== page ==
The 8 Ball 01.12.13: The Top 8 Albums of 2012
Welcome, one and all, to the 8 Ball in the Music Zone! I’m your host Jeremy Thomas and as always, I will be tackling a topic and providing you the top eight selections of that particular category. Keep in mind that this list is meant to be my personal opinion and not a definitive list. You’re free to disagree; you can even say my list is wrong, but stating that an opinion is “wrong” is just silly. With that in mind, let’s get right in to it!
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Finally, at long last the Music 8 Ball’s 2012 year in review comes to a close. Last week we saw the beginning of our look at the best albums of 2012 and this week we close it out with the top eight. Let’s just cut to the chase and get to it, shall we?
Caveat: All you had to do in order to qualify for this list was release an EP or LP in the year 2012 within the United States, and do a great job at it. Pretty straight-forward.
Passion Pit – Gossamer
Garbage – Not Your Kind of People
Beach House – Bloom
Christina Aguilera – Lotus
The Lumineers – The Lumineers
16: Fiona Apple – The Idler Wheel…
15: Frank Ocean – Channel ORANGE
14: Bruce Springsteen – Wrecking Ball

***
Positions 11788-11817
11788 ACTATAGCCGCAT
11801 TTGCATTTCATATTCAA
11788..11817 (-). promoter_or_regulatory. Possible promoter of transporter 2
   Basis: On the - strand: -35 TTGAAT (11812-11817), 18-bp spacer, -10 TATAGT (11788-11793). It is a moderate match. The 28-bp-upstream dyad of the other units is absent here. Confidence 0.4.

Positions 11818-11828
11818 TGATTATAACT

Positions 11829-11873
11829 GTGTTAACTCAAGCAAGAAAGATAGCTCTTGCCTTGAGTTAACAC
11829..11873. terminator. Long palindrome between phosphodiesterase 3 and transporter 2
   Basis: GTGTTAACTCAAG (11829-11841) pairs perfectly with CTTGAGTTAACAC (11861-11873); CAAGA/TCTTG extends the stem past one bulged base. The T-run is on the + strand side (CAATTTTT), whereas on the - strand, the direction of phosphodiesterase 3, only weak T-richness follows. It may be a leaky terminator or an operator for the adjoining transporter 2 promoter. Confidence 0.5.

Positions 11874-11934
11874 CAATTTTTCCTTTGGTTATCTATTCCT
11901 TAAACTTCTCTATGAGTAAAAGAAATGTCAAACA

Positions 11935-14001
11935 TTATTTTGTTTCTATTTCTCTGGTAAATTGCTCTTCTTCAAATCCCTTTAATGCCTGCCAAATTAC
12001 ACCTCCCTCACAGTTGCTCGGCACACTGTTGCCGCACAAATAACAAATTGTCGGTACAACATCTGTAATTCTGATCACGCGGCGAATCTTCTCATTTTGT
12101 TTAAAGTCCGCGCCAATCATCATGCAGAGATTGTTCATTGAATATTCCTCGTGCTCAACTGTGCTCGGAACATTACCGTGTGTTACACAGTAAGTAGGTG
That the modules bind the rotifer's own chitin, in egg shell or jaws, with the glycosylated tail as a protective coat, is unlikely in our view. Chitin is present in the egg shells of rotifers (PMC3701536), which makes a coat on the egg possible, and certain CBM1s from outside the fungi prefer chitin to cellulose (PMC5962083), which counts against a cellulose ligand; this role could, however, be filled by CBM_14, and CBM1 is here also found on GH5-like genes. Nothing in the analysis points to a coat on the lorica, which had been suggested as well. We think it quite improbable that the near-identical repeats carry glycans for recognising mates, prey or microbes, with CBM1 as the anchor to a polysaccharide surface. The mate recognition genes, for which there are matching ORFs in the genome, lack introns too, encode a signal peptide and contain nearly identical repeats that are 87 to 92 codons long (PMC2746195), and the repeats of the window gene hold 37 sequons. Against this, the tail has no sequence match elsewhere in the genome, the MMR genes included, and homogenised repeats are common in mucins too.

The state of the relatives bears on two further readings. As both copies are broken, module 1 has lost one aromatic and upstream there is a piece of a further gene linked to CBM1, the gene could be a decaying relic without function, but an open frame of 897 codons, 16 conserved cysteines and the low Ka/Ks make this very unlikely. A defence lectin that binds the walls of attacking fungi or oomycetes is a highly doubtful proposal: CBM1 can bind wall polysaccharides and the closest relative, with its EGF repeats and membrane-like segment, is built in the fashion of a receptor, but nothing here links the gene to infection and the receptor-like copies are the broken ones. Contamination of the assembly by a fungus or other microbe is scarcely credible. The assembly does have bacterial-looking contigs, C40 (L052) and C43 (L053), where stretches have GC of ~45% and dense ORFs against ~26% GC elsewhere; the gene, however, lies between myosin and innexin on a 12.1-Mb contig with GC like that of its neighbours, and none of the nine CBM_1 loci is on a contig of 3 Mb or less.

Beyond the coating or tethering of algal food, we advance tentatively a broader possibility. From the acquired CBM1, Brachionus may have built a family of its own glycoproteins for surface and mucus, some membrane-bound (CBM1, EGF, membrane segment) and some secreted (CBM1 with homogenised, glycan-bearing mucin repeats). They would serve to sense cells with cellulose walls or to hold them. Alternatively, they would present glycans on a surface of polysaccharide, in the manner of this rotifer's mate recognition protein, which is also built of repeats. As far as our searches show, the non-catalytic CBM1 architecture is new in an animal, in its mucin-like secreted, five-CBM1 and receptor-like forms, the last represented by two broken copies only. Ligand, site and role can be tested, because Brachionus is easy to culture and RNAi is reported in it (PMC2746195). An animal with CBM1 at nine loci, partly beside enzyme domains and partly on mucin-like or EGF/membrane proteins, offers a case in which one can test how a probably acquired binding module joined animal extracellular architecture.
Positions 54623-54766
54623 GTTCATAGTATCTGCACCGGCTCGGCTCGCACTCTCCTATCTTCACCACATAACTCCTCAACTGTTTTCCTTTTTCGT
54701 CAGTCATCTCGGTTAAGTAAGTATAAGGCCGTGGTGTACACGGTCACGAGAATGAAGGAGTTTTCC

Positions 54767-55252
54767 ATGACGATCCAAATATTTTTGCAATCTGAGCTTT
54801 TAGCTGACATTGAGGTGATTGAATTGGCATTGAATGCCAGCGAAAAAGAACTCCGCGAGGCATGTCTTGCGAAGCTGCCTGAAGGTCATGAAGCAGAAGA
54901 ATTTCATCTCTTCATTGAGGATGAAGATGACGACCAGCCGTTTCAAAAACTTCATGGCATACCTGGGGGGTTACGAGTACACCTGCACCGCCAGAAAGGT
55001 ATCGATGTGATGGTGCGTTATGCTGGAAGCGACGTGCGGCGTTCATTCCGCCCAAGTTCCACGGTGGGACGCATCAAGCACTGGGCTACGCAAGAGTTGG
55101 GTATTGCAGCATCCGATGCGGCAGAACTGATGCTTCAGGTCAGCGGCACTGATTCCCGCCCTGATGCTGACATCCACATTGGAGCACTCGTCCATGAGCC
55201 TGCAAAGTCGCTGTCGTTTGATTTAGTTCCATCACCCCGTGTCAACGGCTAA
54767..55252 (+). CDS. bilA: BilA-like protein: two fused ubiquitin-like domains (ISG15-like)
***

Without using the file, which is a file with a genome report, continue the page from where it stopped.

13: Marina & the Diamonds – Electra Heart
12: Killer Mike – R.A.P. Music
11: Pink – The Truth About Love
10: Jack White – Blunderbuss
9: Grizzly Bear – Shields
The folk rock revival is in full swing, and never was that more evident than when Mumford & Sons’ second studio LP dropped in September of last year. The band was certainly no unknown property after the success of Sigh No More in 2009, but Babel instantly put them on the A list, making them a household name with over 600,000 copies sold. That’s the second-highest sales debut of the year, behind only the commercial behemoth that is Taylor Swift and ahead of such juggernauts as Madonna and Pink. That huge sales week did more than just make the English folk group one of the hottest things running; it helped bring attention to a significant shift in music tastes in 2012. Pop stars still rule the charts, but rock–particularly folk-inspired rock–was on the rise. That being said, Babel is more than just a symbolic success for people who were sick of the “unce-unce-unce” of dance-pop; it was an artistic success for the band as well. While I personally would rate Sigh No More a touch higher than Babel, that is by no means a slant against this LP. Babel actually contains a richer sound that Sigh and if people want to complain that it is more polished musically, they can at least take solace in the fact that Marcus Mumford and his bandmates are just as talented at songwriting. From the powerhouse singles of “I Will Wait” and “Lover of the Light” to album tracks like “Whispers in the Dark,” “Not With Haste” and the rest, this is an album where “earnest” isn’t a crime against nature; it’s a creed. Folk purists have been falling all over themselves decrying the success of Babel, which as Bob Dylan can tell you is usually a good indicator that you’re doing something right.